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I am studying aromaticity, and apparently, aromaticity is common in biological molecules, just like 6-member rings (relieve ring strain and angle strain). I was wondering: is it because aromaticity makes the compound more stable to prevent unwanted reactions/modifications?

Thank you!

EDIT:

I finally found something interesting. Tyrosine, phenylalanine, and tryptophan interacts with cation-pi interactions in proteins to stabilize secondary structures. They are also over-represented in protein binding sites.

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    $\begingroup$ Orthogonal mechanism that comes to mind : evolution tried random molecules -> lower energy / more stable molecules were more likely to be tried -> evolution disproportionately tried aromatic molecules -> biological compounds have lots of aromaticity. $\endgroup$ – SCH Dec 18 '16 at 22:48
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    $\begingroup$ Personally I don't think this is representative of anything. Of the 20 amino acids only 4 have aromatic rings. $\endgroup$ – orthocresol Dec 19 '16 at 3:46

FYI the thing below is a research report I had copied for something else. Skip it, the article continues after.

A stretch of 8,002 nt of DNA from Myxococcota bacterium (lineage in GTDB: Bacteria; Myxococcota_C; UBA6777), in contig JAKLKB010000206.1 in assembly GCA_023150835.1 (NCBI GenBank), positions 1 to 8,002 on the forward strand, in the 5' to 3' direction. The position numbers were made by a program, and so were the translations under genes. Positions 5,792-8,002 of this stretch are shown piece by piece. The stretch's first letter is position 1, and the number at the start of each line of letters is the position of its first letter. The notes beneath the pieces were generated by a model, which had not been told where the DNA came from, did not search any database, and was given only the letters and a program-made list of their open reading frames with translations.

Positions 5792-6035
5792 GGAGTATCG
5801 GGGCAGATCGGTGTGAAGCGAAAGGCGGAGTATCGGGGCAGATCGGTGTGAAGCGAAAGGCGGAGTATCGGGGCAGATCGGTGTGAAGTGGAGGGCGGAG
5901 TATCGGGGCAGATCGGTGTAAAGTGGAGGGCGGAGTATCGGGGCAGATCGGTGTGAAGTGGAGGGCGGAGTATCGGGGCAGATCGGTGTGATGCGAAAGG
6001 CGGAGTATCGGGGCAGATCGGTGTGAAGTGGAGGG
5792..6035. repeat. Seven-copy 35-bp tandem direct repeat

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    $\begingroup$ Ah, well, as for why they are over-represented in binding sites, that's a different question (and pretty interesting, too). $\endgroup$ – orthocresol Dec 19 '16 at 18:11
  • $\begingroup$ Pi-stacking between the aromatic nucleobases in DNA helps stabilize the double helix structure. $\endgroup$ – electronpusher Dec 20 '16 at 0:53
  • $\begingroup$ Relared - chemistry.stackexchange.com/questions/60055/… $\endgroup$ – Nilay Ghosh Dec 24 '16 at 4:10

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